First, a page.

As for what I’ve done with my time since finding out?  Well, I have taken some time to relax and be at home.  My stomach is in a lot of pain and so is my lower back (thank you alien tumor babies) and I get tired after thirty minutes or so of moving around.  So, yes, relaxation and pajamas have been my friends.  However, I have also spent a great deal of time reconnecting with the people I love and soaking in everyone’s support.  This is far more healing than the pain killers they gave me and I am, once again, struck by how wonderful humanity is.   I also purchased a puppy.  She will be here on Friday and I couldn’t be happier!  I little bit of adorable puppiness can only be a good thing at this point.  Maybe I have been a little bit selfish this week, but I truly appreciate the selflessness of all of you.   Thank you so much and welcome to my battlefield.  

Thursday, December 20, 2012

Happy Cancerversary!!

It has been exactly one year since I was diagnosed with breast cancer.  Needless to say, this year has been more than a little bit stressful.  I did get the chance to explore myself in a way that I have never thought possible. I know exactly who I am, who I want to be, and what I want to do with my life.  I recognize that some of these things change as time goes on and I have slowly come to accept the fact that I do, in fact, have time. 

For about five months now I have been teaching English in a small town in China.  I am incredibly happy here and truly appreciate the opportunity that I have been given.  I believe that it has been good for me to get away from cancer (if that makes any sense).  Even though thoughts about cancer are constantly on my mind, I get to be in a place where very few people know about what has happened to me in the last year.  I get to be a “new person.”  This has really helped me move on with my life and begin to accept that it is okay to have dreams.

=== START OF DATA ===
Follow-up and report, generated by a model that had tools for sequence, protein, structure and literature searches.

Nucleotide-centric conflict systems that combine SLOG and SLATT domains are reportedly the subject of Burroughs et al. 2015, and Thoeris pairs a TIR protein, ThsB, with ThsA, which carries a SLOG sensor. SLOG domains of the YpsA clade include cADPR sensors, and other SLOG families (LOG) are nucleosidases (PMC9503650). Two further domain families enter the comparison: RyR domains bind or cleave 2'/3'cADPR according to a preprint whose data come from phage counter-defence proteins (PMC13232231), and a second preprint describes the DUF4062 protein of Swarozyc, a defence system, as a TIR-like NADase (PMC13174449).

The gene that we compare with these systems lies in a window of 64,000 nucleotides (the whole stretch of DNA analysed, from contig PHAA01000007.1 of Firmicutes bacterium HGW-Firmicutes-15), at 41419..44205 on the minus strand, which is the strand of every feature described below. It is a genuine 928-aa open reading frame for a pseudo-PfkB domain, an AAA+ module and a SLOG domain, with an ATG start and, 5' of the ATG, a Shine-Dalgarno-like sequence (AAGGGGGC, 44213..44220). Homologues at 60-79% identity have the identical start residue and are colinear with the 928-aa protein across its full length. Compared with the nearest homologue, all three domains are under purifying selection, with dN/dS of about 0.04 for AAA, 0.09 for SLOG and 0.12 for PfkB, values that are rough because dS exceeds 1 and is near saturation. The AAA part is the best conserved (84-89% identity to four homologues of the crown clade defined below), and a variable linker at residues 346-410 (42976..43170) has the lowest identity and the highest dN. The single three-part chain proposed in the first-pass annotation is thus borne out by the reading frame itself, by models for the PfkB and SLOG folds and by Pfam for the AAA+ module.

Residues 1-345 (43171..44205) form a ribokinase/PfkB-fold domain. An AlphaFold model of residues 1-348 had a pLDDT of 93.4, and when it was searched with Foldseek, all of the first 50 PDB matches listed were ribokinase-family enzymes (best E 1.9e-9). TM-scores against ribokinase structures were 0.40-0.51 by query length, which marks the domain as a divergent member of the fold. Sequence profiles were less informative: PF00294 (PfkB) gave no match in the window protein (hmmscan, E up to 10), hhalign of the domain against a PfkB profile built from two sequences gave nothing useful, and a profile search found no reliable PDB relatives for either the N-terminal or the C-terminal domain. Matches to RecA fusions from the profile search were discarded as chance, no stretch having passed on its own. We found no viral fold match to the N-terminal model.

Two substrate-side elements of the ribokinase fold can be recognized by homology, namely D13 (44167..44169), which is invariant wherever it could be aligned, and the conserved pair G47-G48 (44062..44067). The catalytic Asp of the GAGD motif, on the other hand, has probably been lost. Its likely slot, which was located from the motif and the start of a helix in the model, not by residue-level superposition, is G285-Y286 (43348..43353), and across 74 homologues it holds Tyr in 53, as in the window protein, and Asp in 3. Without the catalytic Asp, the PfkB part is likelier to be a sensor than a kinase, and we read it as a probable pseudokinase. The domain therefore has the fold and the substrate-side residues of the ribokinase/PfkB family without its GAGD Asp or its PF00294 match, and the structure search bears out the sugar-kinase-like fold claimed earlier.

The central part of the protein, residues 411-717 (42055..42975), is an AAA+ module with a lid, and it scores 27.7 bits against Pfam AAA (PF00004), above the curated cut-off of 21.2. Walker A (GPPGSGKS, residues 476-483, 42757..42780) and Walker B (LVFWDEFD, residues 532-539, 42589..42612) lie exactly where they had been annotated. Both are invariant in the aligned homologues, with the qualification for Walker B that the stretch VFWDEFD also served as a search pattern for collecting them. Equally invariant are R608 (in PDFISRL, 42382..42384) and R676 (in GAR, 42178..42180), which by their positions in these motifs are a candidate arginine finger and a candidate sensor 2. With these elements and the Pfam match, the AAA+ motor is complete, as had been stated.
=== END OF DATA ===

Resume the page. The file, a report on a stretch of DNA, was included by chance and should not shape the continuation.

There are, however, a few things that are still hard for me and that may take years for me to get over.  I think that the biggest and most likely never ending part of this experience is fear.  Before the cancer, fear was something I felt, but I don’t think it was ever chronic nor did I consistently understand exactly what I was afraid of and why.  Now I know.  I am not afraid of dying, but what I will leave behind.  I am afraid of hurting those who have impacted me in some way or another.  I am afraid of living a life of pain; one that focuses on my physicality and my sadness or the sadness of others.  Although, being afraid is a terrible thing, it is not that bad.  Actually, it has allowed me to truly value my life and the lives of others.  I see kindness and love everywhere I go, and that is no small feat in a world filled with terror, anger, and hate.  I think that it is most important in times like these to recognize the value of kindness and the importance of experiencing others.  This makes life valuable and worth living regardless of how long or short it is.  Although I don’t have cancer any more, it really seems like the experience never ends whether it is impacting my thoughts, emotions, or my body.